One of the debates that have embroiled historians in arguments over the last several decades is answering the question “who freed the slaves?” Several historians assigned primary responsibility to Abraham Lincoln; others said that the enslaved should take center stage; and, recently, Gary Gallagher reminded us of the role played by the Union army, to which can be added the United States Congress and the friction of war itself as well as the actions of … wait for it … the Confederate government (and, some say, none other than Robert E. Lee himself).
To my mind the question is poorly framed. If you want to know how emancipation and the destruction of slavery came about, it seems to me better to ask, “how did freedom come?” Telling that story gives due credit to various actors and events in the drama. That said, I believe it is true that the flow of enslaved blacks to Union lines did help force the issue. This process was evident early in the war, as we know from the story of Benjamin Butler declaring escaped slaves contraband of war due to their use by Confederate forces (although that definition soon expanded). Indeed, that tale sheds much light on how the Confederacy used slave labor and the role enslaved blacks played in the Confederate war effort … which some people mistakenly seize to claim that there were numerous enslaved black Confederate who voluntarily supported the Confederate war effort.
Studying Ulysses S. Grant’s early military career, I came across many stories of Union commanders asking what they should do with fugitive slaves who were seeking refugee within Union lines as blue armies surged southward. The simple presence of these escapees from slavery should cast much doubt upon the “happy slave” narrative espoused in some quarters: no one willingly runs away from happiness. That many of these slaves owed their proximity to Union lines to being used as laborers by the Confederate army reminds us how much the Confederacy depended on slave labor to wage war. In many cases masters soon appeared seeking to reclaim their property: the ensuing discussion often revealed secessionists demanding that Union military authorities observe their constitutional rights, as if they still had any. Loyal Unionist slaveholders presented a different argument and posed a more difficult problem, especially if their unionism seemed contingent on honoring their authority as slaveholders. Finally, whatever decision Union officers made was a political decision, however much many of them sought to stay out of politics: the political consequences were simply too evident.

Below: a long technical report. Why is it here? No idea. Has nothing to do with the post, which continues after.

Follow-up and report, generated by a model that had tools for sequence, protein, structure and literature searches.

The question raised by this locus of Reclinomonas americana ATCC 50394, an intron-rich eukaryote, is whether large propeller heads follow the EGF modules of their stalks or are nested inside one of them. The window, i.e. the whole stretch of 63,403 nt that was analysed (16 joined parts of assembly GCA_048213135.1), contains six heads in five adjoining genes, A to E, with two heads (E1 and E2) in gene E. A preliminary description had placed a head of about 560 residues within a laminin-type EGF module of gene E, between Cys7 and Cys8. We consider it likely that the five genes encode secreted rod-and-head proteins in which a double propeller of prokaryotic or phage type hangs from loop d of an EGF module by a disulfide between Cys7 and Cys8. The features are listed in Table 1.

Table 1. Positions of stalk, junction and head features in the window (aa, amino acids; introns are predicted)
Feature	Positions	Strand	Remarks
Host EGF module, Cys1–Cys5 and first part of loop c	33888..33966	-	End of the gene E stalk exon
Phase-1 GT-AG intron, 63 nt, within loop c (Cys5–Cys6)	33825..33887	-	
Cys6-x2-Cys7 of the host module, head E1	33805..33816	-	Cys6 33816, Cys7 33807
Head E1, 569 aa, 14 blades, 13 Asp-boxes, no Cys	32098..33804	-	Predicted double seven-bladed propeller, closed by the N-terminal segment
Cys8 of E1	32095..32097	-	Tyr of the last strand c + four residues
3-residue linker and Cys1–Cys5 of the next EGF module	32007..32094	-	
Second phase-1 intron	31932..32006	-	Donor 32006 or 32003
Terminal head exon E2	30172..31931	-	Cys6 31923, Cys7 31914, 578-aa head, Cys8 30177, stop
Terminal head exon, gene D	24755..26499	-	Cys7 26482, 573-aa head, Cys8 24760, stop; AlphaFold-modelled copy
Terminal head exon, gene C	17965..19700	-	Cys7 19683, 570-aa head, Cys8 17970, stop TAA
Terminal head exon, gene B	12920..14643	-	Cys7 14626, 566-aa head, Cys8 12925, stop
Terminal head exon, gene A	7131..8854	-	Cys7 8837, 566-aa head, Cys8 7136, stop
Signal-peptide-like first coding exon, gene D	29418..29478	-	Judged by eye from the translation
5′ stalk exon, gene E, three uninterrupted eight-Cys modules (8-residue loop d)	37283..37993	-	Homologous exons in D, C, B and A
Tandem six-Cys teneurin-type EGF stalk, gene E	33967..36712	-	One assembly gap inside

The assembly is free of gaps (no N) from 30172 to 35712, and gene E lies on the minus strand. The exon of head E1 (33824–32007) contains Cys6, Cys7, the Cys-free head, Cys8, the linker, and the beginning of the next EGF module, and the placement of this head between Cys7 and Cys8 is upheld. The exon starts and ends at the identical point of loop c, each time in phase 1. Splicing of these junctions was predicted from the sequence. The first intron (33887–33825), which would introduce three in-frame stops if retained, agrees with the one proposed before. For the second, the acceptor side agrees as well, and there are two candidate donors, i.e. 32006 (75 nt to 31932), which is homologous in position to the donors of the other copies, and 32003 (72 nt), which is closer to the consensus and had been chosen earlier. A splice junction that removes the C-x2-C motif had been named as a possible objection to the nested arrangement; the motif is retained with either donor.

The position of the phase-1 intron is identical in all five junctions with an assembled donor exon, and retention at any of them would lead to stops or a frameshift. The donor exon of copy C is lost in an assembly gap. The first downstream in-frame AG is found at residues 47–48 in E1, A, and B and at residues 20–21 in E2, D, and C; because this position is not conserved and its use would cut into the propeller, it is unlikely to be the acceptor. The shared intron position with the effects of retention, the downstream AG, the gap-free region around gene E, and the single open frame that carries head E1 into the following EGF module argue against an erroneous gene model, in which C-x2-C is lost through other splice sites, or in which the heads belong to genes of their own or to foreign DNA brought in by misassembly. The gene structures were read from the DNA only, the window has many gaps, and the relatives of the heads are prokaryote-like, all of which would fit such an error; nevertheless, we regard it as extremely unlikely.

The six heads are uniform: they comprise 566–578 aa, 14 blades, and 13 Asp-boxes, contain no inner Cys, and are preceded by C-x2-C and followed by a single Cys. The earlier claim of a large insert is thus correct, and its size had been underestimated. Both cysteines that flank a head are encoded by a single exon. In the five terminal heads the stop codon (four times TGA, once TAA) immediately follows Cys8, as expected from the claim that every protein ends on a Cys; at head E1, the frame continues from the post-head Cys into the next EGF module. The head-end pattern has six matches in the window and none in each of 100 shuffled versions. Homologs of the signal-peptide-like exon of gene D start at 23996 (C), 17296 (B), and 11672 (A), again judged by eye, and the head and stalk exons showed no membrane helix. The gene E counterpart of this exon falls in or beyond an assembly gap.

One notes the absence of a Confederate counterpart to this, with hordes of fugitive slaves seeking entrance into Confederate lines. The reason might seem obvious, but it argues against the black Confederate myth with which we are so familiar.
Enslaved blacks seeking protection and freedom propelled the debate over emancipation forward. No, they may not have themselves destroyed slavery, but their actions forced Union civil and military authorities to address an issue many of them at first wished to postpone.